Traditional country hotel offering the best of Cumbrian Hospitality. Excellent breakfast, good beer, comfortable accommodation and luxurious toiletries. We were made extremely welcome and the food was perfect.
Many visitors will have visited the Lake District without ever passing through, or stopping in, the lovely Lyth Valley. They're missing out on a treat, especially in spring when the many damson trees are in blossom. It's close to Kendal and yet off the usual routes, but the quality of the food at the Punch Bowl at Crosthwaite is, on its own, reason enough to visit. A traditional Lakes building with stylish and welcoming interiors, and an interesting menu with excellent food, it's one of my favourite places to eat - and was as good as ever on my visit last week.
Most free houses have real ales, but this pub has its own on site brewery too (try the Tag Lag). It's seventh heaven for beer lovers. And foodies. The restaurant is stuffed with delicious locally sourced food (the game pie is to die for) and the wine list is big enough to suit all tastes and pockets. After all the fine dining and beery imbibing at lunchtime you won't want to move, so book a room and enjoy it all over again at dinnertime!
This friendly pub with its own brewery, a huge range of real ales, real pub games, newspapers and comfy chairs and newspapers prides itself on "food for drinkers" - all made to order on Fridays and weekends. After a hike up Black Combe, to contemplate the late Harry Griffin's favourite view, the pies, with a filling of your choice are well worth the half-hour wait as they cook. Opposite the railway station on the West Cumbrian line it's an old fashioned pub with a wonderful panorama of the Duddon estuary. Cumbria for those who know it and accessible to all.
Notwithstanding Mike Harding's quip about Barrow being 'a town at the end of a 32 mile cul-de-sac', south Lakes is an un-touristy (aka quiet) and stunning part of the Lake District. Great Urswick is a sleepy, pretty village, all whitewashed cottages and a tarn complete with ducks, and the pub is a cracker. Roaring fires, flagged floors and cosy snugs, well-kept beer and a menu that might surprise you. Chef/owner Craig Sherrington is doing clever things with local produce (expect sea bass, mackerel and rabbit) in an innovative but unpretentious way. Avoid the crowds in Ambleside and Windermere; this place is a treasure.
Tucked away in a grubby walk-up on Hollywood Road, you wouldn’t find TBLS unless you were looking for it. But this is a little gem of a restaurant that I definitely suggest you go looking for.
A private kitchen with well-deserved rave reviews and a two month waiting list, TBLS does comfort food with a gastro twist. The TBLS philosophy is simple enough, a seasonal, fixed six-course menu of trusty favourite dishes created using the best quality ingredients and a dash of haute cuisine magic. It’s HK$650 a head (just over £50) but when you factor in that you're guaranteed an evening of pure, unabashed indulgence, it’s actually great value. Plus you save on astronomical wine list pricing as it's BYO.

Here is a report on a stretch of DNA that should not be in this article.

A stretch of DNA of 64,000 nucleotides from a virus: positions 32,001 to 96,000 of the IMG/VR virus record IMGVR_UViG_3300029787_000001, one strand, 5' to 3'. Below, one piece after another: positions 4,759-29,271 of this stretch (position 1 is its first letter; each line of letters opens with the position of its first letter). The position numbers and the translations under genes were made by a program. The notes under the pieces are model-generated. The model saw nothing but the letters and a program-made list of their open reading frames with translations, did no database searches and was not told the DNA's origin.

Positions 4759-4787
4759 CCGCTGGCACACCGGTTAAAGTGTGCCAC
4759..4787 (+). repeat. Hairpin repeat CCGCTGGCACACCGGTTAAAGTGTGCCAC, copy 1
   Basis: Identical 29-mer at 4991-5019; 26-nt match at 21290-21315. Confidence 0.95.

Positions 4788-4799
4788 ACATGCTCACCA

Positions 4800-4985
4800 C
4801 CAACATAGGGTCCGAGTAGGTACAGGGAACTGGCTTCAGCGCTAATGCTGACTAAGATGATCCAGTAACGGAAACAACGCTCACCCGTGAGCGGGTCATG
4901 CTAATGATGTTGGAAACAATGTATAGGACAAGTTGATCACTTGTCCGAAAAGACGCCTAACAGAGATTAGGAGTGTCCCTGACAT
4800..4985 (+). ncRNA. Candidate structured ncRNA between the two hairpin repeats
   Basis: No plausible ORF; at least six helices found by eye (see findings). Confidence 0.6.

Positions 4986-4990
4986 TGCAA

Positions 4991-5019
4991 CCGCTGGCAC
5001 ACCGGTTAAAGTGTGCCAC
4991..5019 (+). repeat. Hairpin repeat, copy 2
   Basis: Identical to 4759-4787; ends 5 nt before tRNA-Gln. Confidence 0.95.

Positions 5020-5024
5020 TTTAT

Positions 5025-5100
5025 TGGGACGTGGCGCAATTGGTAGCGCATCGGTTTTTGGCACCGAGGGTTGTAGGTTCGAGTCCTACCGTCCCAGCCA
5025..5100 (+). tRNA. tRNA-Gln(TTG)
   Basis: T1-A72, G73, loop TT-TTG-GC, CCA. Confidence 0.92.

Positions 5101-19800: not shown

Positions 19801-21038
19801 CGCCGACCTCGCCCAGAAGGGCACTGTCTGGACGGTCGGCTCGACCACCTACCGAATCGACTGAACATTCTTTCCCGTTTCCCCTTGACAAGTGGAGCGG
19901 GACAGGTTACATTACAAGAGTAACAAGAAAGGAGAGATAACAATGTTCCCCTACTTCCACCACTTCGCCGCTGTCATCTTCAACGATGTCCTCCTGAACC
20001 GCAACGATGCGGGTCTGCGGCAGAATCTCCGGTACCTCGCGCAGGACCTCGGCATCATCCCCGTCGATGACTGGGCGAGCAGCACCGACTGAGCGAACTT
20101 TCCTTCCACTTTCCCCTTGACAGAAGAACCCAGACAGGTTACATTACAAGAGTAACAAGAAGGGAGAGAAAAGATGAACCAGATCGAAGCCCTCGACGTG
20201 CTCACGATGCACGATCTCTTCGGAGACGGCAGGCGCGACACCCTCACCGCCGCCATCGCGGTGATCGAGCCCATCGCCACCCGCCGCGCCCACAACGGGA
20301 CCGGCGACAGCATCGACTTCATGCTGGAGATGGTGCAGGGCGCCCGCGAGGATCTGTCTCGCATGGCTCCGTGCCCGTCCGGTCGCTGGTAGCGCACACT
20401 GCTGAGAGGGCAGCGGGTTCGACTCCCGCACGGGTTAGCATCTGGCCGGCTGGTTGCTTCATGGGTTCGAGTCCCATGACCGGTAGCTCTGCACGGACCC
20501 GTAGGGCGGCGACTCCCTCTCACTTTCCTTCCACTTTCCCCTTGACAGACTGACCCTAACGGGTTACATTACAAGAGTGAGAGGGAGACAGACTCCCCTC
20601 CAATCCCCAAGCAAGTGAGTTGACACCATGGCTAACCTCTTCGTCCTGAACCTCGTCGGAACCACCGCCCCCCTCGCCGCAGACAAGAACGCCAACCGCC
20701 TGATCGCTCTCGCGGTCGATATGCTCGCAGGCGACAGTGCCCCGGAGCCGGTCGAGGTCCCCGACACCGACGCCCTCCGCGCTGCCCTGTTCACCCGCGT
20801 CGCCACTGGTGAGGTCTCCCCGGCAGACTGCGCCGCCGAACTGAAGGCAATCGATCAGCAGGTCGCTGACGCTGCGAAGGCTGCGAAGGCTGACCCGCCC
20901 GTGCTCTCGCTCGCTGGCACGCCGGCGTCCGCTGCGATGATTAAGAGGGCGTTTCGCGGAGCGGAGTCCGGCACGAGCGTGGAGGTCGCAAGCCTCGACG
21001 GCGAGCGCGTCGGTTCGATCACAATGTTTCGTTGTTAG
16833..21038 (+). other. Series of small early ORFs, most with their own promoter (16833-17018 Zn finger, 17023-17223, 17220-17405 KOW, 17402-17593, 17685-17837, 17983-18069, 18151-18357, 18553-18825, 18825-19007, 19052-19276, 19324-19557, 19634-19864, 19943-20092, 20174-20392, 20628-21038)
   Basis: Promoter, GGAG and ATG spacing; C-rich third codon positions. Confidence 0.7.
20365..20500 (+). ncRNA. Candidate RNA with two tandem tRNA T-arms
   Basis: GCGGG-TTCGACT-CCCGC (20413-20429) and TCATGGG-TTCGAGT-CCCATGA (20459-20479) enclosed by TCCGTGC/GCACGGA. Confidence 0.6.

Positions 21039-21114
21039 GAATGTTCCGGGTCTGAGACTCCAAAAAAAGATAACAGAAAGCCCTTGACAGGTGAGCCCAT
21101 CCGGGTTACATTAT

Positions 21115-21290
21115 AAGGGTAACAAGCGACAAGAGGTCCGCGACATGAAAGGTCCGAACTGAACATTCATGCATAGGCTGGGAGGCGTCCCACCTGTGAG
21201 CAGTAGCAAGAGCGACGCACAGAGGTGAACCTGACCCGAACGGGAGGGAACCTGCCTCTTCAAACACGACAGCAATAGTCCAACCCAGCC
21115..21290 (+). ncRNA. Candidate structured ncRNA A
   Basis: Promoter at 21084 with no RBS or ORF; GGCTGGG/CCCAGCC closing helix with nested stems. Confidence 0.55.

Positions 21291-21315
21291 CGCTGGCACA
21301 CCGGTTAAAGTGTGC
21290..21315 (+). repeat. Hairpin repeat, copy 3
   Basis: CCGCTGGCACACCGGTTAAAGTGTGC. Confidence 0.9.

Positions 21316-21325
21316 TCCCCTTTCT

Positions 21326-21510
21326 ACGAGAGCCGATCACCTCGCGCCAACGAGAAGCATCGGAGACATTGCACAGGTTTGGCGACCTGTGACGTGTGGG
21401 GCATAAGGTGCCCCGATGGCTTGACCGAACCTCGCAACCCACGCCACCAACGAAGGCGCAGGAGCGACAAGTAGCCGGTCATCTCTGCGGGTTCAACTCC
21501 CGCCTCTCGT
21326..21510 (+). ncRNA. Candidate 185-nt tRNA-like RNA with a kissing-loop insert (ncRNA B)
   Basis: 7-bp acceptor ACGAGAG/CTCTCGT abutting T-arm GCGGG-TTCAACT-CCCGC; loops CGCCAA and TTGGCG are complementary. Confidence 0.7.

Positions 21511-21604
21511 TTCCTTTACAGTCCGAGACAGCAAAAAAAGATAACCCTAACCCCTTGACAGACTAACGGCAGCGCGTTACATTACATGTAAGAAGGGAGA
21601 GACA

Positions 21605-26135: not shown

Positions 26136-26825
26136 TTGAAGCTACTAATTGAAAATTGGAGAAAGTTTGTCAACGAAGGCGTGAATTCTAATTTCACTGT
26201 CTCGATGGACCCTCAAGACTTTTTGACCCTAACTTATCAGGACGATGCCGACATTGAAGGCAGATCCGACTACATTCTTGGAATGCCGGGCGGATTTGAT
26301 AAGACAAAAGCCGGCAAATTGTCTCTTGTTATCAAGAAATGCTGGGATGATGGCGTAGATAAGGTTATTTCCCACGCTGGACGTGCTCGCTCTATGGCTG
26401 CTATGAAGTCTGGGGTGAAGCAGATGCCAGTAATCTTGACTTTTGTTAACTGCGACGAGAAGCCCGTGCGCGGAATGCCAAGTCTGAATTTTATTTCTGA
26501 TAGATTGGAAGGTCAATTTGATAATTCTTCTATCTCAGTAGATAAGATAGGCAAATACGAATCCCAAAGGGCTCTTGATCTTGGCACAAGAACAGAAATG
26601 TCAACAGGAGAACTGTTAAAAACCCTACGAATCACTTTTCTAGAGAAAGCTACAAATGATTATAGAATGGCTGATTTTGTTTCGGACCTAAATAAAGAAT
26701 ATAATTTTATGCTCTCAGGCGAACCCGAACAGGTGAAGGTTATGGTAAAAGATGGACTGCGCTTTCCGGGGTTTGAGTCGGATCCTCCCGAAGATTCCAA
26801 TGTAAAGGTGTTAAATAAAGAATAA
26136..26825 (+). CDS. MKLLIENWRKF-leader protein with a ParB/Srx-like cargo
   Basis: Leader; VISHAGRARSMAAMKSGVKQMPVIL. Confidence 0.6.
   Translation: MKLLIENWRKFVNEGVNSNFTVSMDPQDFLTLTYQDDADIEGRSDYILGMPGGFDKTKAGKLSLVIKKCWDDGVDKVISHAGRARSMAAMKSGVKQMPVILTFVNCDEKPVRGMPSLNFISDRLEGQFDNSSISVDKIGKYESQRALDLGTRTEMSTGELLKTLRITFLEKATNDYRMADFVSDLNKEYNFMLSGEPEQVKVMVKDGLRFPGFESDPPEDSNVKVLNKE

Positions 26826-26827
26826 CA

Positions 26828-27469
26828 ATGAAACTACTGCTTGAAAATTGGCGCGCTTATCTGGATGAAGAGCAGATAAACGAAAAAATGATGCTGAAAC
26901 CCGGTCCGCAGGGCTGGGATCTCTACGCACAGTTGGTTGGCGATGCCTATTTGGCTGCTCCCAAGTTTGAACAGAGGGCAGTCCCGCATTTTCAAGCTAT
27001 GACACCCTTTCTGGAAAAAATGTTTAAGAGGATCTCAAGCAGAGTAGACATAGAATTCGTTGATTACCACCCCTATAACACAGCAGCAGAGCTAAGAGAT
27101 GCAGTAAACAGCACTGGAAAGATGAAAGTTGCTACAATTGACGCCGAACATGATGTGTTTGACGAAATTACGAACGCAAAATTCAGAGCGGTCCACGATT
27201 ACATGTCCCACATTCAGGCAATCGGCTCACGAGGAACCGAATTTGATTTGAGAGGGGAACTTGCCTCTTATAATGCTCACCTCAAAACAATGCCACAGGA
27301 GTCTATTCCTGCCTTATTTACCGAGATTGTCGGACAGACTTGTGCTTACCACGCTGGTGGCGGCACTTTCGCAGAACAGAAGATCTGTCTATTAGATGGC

The restaurant itself is pretty basic - a cosy (read small) space with minimalist décor (read bare white walls and standard issue black tables and chairs) leading out to a large terrace perfect for a pre-dinner drink or alfresco eating during the cooler months of the year. The real thought and creativity has been invested in the food which is whipped up by Vietnamese-American chef, Que Vinh Dang and his team in the large stainless-steel open kitchen in the centre of the room.
When we finally managed to bag a table and were informed that the evening’s menu was themed ‘American Supermarket Foods’ I couldn’t help but feel that perhaps we’d been slightly shortchanged. A massive misconception.
Our six courses of decadent deliciousness kicked off with a soup and sandwich. But this wasn’t any old soup and sandwich, this was TBLS’ indulgent, gourmet soup and sandwich – a punchy, earthy mushroom soup with sautéed shitakes, roasted garlic and rosemary oil with a miniature sloppy Joe sandwich – all buttery brioche and juicy beef smothered in a tangy, spicy sauce. Next up mac and cheese, so good that one of our party ate it twice (feigning an allergy to one of the ingredients in another course to ensure a double serving). Following swiftly after, two further dishes of beautifully presented morsels of heaven on a plate, apparently inspired by a fish sticks TV dinner and tinned pork and beans.
And then it was time for dessert.
No matter how near to burstingly full you may feel, skipping dessert would be criminal. As we loosened our belts, out came ramekins of Banana Moon Pie - an ambrosial creation consisting of baked bananas, chocolately crumble, homemade vanilla bean ice-cream and a wicked little dash of bourbon. Spooning up the last of the boozy, sticky bananas and declaring ourselves completely defeated, yet another dessert, the pièce de résistance floated into sight – a macaroon sandwich. Two semicircles of the palest mint coloured macaroons, homemade and just the right mix of crisp and chewy, sandwiched together with a thick round of creamy mint choc-chip ice-cream and a layer of unctuous raspberry jam. We all suddenly seemed to find a second wind and gobbled up every last crumb with relish.